In the shadow of its acquisition by Microsoft, LinkedIn has quietly begun talking about an internal project that has the potential to shake up the roughly $175 billion data-center hardware market.
LinkedIn’s plan is somewhat similar to what Facebook is doing with its Open Compute Project. OCP is creating brand-new “open source” data-center hardware, in which the engineers from different companies work together and everyone freely shares the designs.
Likewise, LinkedIn is designing and building nearly all the pieces and parts of software and hardware that it needs for its data centres, poaching key people from Facebook and Juniper to do it.
“We are not building servers and switches and all these things because we want to be good at it. We are doing it because we believe it gives us an advantage to control our own destiny,” Zaid Ali Kahn, senior director of infrastructure architecture and operations at LinkedIn, told Business Insider.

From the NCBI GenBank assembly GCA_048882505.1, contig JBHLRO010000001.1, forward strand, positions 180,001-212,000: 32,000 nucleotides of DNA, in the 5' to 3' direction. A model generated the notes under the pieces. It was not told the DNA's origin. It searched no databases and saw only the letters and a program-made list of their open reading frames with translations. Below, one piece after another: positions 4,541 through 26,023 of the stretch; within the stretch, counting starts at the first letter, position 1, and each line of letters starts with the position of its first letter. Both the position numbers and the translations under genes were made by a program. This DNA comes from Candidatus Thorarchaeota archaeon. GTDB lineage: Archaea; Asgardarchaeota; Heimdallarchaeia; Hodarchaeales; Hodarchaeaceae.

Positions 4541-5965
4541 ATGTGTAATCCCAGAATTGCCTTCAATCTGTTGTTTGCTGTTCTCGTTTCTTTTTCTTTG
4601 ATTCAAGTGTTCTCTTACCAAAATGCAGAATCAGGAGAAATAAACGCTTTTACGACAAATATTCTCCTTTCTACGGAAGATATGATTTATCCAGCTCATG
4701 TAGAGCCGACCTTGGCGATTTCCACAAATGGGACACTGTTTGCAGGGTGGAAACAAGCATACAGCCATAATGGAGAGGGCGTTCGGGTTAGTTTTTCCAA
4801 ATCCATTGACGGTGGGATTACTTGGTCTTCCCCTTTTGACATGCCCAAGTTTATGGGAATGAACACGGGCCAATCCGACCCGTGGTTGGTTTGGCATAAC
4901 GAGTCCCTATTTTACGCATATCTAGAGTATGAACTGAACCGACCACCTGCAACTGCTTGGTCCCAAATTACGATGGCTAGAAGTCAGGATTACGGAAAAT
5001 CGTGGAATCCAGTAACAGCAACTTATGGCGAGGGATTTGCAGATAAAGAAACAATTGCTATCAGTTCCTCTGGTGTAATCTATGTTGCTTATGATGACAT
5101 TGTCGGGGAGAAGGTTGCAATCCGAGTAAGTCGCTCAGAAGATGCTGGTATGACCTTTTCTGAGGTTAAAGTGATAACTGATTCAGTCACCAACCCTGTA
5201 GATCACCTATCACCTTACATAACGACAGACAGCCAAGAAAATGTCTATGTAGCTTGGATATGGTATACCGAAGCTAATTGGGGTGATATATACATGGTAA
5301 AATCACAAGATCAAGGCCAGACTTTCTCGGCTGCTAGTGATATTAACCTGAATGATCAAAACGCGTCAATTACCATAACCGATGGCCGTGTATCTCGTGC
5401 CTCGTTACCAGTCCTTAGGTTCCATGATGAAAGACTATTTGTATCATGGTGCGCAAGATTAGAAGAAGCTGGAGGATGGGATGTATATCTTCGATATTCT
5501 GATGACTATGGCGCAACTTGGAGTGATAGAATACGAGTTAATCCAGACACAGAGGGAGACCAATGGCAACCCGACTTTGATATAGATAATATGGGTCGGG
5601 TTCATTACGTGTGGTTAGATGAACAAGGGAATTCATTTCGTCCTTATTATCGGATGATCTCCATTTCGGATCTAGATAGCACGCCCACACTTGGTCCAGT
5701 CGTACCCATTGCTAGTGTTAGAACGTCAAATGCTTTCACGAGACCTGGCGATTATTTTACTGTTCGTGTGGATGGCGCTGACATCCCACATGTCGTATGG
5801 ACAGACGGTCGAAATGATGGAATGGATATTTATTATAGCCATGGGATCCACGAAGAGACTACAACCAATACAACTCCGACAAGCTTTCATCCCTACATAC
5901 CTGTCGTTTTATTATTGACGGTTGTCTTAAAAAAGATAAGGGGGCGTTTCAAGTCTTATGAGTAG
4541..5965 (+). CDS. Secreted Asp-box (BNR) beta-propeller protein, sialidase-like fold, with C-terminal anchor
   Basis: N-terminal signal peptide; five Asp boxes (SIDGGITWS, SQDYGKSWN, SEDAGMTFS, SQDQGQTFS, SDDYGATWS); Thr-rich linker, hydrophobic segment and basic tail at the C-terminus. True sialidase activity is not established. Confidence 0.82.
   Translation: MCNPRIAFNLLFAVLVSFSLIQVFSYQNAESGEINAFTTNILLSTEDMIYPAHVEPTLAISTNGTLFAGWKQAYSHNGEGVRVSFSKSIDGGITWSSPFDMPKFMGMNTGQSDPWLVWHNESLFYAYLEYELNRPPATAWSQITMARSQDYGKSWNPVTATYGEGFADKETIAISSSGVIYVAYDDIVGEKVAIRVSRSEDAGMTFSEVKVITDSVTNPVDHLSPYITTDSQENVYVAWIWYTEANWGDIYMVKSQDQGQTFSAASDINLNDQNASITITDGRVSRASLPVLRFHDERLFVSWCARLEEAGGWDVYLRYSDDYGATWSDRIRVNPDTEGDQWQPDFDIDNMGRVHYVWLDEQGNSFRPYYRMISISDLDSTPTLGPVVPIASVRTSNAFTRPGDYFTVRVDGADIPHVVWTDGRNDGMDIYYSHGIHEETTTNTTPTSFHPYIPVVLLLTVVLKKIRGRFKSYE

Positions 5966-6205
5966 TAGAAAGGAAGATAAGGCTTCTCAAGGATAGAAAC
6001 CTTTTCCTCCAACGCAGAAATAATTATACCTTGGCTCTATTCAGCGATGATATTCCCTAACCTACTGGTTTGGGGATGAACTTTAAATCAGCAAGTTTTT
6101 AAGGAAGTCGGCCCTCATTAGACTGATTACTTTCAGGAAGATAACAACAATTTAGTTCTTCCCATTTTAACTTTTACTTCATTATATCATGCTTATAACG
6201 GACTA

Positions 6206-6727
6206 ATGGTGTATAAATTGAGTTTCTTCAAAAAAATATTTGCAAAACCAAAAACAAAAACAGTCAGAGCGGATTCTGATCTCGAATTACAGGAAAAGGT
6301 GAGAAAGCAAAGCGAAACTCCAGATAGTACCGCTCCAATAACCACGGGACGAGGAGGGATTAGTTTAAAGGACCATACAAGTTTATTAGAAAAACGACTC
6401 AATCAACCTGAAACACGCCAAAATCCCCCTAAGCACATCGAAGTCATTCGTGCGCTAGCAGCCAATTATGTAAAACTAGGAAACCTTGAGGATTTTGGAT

This is a terrifying trend for vendors like Cisco and Juniper. In the past, only the biggest internet companies like Amazon, Google, and Facebook have gone this route: designing their own IT infrastructure from scratch.
LinkedIn isn’t as big as those guys. It has a handful of data centres in California, Texas, and Virginia — most of them using leased space at a hosting provider — and only recently started designing and building its own in Singapore and Oregon. The one in Portland, Oregon, is its crown jewel, and the other data centres will eventually be upgraded with the new technology.
A superfast network for $1
The story begins with a Facebook network hardware engineer named Yuval Bachar. He was part of a Facebook team in 2013 that had a big goal: reducing the price of building a super-high-speed computer networks tenfold. Facebook had stolen him from Cisco, and he did a stint at Juniper, too.